How to “Speak” Climate Change, Solarpunk Art Contest and 2021 Winners Announced, Solarpunk Magazine to Launch Soon

by | Dec 15, 2021 | Podcasts, The Climate Daily

How to “speak” climate change, plus the Solarpunk Art Contest and the top three 2021 Winners. By the way, Solarpunk Magazine to launch January 2022!



Big shout out to solarpunk Yishan Wong, a fan of The Climate Daily. Last week, after we dropped our episode highlighting the Solarpunk aesthetic, Wong told us about the Solarpunk Art Contest 2021 he recently sponsored.

According to his website, Wong was inspired by “Justine Norton-Kertson’s recent call for submission to a solarpunk anthology called, Solarpunk Sunscapes: Optimistic Visions of the Future, looking for short stories or poems centered on the solarpunk theme.”

As a quick reminder, solarpunk is sub-genre of science fiction, as well as an artistic and social aesthetic offering optimistic-yet-future forwardly-realistic stories about near and distant future societies powered by renewable energy, and where nature and technology coexist. It’s also about extending human life on a species level, rather than individually.

Initially award money totaling $18,500 for the ten best pieces of original solarpunk art was the prize money pool. All ten winners will also receive a free digital copy of the inaugural issue of Solarpunk Magazine. Wong invited both artists and philanthropists to enter Solarpunk Art Contest 2021. Artists—well obvio! And philanthropists? To help sweeten the pot.

Who is Yishan Wong and why does the Solarpunk Art Contest 2021 matter to us?

Wong is former CEO of Reddit and currently, the founder and CEO of Terraformation, a company dedicated to solving climate change by scaling global native forest restoration. His contest helps build spiritual resiliency, let’s us imagine an adaptive and bright era of climate change future, while also helping to lessen the psychological impacts of climate change on us through gorgeous artwork.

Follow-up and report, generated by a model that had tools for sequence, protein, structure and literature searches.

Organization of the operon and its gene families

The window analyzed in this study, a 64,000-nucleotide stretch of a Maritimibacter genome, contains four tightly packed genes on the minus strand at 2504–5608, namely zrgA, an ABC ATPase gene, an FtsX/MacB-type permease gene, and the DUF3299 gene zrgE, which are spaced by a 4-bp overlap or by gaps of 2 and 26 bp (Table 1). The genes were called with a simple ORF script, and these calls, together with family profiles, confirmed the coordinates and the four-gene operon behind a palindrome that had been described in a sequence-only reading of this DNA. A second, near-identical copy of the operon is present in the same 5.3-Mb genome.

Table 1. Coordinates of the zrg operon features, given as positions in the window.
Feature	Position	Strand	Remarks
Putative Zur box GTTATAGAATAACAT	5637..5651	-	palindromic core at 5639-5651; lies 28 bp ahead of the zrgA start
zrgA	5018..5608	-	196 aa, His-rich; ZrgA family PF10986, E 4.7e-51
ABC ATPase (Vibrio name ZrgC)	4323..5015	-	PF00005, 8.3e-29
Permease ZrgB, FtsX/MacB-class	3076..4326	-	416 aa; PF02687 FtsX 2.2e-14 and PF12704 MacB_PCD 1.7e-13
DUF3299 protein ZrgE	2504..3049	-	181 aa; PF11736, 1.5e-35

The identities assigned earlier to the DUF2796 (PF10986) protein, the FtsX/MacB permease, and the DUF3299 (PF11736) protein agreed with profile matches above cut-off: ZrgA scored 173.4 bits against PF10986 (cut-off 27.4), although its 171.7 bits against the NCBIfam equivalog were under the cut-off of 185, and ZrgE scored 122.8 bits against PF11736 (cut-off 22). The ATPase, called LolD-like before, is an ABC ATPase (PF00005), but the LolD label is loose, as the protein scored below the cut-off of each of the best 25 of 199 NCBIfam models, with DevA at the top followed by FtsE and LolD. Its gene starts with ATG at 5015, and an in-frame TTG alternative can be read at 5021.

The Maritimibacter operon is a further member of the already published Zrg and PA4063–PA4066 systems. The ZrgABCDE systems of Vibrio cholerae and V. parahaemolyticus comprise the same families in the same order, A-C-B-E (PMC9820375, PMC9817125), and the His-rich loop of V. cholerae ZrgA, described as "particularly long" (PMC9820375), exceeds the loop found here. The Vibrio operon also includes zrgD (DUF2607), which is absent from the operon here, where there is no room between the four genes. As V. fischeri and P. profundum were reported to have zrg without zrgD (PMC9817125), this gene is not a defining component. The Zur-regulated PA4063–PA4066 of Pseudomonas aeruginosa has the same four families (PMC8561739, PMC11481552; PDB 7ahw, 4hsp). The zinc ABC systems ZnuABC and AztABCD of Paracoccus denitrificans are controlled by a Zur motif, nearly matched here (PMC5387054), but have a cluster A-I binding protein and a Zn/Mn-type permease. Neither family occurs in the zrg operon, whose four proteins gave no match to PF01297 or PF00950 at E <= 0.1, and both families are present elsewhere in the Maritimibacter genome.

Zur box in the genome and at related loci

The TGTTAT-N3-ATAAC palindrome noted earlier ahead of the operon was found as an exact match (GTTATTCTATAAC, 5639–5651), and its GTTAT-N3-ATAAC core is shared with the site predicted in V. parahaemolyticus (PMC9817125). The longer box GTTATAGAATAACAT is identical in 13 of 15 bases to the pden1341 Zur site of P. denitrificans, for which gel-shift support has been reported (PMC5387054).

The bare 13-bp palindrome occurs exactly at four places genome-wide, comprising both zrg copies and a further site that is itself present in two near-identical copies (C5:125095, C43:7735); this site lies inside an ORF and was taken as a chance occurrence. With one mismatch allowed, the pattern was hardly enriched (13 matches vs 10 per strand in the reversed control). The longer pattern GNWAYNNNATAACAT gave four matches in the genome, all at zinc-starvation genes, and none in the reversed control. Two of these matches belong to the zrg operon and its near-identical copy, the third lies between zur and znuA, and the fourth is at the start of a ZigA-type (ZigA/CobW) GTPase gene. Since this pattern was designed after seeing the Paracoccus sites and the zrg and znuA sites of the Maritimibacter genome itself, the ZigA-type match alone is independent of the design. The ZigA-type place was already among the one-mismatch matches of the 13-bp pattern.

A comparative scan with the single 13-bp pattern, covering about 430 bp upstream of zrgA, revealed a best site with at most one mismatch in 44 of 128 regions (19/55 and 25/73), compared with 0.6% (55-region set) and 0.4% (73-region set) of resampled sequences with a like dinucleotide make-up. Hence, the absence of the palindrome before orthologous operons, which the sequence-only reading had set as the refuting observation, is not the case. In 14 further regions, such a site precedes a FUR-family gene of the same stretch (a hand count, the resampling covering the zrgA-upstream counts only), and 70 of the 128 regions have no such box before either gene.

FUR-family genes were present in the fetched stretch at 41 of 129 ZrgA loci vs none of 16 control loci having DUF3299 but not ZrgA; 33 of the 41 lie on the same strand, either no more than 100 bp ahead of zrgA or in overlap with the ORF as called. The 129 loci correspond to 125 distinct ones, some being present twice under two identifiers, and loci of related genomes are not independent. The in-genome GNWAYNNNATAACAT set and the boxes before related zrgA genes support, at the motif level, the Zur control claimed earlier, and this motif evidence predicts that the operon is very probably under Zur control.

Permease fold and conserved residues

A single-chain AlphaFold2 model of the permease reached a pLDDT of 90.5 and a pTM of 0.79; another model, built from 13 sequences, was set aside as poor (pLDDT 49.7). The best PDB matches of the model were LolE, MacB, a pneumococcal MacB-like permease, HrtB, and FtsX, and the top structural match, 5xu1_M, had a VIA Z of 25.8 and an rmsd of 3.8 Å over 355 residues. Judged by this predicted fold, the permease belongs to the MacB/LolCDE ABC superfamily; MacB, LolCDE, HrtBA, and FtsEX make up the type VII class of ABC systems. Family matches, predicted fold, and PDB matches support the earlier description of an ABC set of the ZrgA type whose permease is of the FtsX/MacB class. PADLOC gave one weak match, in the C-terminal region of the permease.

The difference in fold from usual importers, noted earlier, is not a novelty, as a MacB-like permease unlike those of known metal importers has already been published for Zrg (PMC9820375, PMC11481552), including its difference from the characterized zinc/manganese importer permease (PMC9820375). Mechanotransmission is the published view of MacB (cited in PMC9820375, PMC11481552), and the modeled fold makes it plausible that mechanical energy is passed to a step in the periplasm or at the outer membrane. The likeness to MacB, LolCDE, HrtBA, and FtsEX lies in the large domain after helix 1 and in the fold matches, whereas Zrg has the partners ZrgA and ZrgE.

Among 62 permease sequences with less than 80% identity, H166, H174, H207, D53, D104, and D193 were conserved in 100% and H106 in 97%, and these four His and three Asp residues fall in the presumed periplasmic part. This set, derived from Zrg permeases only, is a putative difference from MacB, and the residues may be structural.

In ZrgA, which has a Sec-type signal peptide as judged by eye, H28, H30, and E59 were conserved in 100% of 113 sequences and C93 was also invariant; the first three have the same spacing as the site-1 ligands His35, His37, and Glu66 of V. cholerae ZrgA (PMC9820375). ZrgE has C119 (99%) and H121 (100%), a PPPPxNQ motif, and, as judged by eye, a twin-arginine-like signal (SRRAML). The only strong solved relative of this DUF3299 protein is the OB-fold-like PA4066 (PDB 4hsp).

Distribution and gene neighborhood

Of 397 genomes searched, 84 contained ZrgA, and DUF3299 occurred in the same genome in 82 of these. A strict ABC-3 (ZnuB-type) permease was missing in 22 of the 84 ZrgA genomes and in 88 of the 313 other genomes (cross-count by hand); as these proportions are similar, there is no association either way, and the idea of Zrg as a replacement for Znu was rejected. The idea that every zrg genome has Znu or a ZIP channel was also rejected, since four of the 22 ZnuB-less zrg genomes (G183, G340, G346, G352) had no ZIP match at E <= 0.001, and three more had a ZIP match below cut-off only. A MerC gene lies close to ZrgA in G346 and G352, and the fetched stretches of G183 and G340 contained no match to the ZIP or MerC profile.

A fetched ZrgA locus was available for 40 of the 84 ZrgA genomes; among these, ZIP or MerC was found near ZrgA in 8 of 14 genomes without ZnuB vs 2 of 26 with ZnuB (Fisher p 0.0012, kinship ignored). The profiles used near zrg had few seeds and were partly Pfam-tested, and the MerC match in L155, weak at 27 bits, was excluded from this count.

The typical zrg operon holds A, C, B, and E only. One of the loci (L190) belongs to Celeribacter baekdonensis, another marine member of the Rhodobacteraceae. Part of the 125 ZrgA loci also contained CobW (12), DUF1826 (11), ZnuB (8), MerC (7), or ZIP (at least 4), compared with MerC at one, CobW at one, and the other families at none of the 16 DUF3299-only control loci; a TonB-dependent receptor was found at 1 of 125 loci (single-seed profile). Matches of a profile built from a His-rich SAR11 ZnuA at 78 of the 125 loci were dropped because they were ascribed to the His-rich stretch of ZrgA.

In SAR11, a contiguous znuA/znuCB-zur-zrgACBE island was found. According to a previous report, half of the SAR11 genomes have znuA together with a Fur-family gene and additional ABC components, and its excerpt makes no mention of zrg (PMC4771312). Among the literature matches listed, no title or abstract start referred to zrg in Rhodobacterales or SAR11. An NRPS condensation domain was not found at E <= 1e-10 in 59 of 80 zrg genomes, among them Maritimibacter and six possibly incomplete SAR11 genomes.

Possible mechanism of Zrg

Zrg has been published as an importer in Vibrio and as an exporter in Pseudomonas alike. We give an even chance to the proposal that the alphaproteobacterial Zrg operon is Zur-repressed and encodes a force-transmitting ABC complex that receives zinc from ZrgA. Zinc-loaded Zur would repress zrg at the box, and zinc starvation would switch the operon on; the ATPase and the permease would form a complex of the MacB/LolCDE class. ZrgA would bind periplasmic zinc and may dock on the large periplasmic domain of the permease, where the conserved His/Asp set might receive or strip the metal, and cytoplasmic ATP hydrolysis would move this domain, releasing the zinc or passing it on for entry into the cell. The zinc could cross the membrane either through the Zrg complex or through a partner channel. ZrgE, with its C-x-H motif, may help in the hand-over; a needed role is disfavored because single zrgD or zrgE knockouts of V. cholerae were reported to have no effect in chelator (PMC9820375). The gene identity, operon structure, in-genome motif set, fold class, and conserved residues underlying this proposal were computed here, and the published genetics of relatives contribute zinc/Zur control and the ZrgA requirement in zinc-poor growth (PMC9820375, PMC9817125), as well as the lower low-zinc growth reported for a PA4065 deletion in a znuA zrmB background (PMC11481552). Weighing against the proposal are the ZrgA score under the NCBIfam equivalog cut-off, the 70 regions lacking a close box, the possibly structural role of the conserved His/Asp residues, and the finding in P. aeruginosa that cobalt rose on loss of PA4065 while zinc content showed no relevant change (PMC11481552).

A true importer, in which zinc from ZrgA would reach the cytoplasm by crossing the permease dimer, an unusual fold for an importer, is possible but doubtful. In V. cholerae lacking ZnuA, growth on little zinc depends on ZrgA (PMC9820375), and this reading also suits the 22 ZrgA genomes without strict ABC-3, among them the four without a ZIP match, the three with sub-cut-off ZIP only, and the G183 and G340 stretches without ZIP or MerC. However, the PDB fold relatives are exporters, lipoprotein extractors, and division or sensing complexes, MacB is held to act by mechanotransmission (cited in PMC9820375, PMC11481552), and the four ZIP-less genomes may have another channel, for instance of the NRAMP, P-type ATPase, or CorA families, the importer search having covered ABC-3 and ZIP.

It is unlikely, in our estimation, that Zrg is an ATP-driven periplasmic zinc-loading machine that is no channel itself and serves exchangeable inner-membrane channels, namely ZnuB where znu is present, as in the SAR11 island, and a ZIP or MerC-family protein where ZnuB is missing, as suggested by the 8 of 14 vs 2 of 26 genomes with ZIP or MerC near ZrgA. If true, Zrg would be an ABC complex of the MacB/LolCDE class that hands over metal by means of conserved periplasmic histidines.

Here’s the bad news. The contest ran from September 1 – November 1. So while you cannot enter it, we can announce the winners!

DEEPER DIVE: Solarpunk Art, Wikipedia,, Adam Flynn, Medium, Solarpunk Magazine



So, remember way back 30 seconds ago, when we announced that Terraformation CEO and founder Yishan Wong created and announced the Solarpunk Art Contest 2021?

(Yeah and you said not only invited artists to submit their works but also invited philanthropists to sweeten the prize pot.)

Guess what? Philanthropists showed up and showed out! According to Wong, Justine Norton-Kertson, Mark Lutter, Diego Saez-Gil, Anonymous Contributor P, Gaia Dempsey, Ryan Rzepecki (Rizza Pecki), Blakelock Brown, Christian Anderson, Hal Hefner, Artur Piszek, and Andee Liao contributed to the prize pool. All told, the total value of prizes was $19,000!

So, the top three prizewinners are:

Third prize was awarded to Helia Jam, a graphic designer who hails from Persia, is into solarpunk, anarcho primitivism, and gardening.

Second prize: In a surprise twist, second place goes to Stephan Nance, who composed the inspiring original song Metropolis of Eden, which is the music you hear in the winners’ montage video: 

First prize: Elijah Johnson: for an animated film short as experimental as the concept itself: a solar-powered Farm of the Future; spanning acres, growing many types of crops/vegetation and sustained with a combination of large solar generators, and wind power.”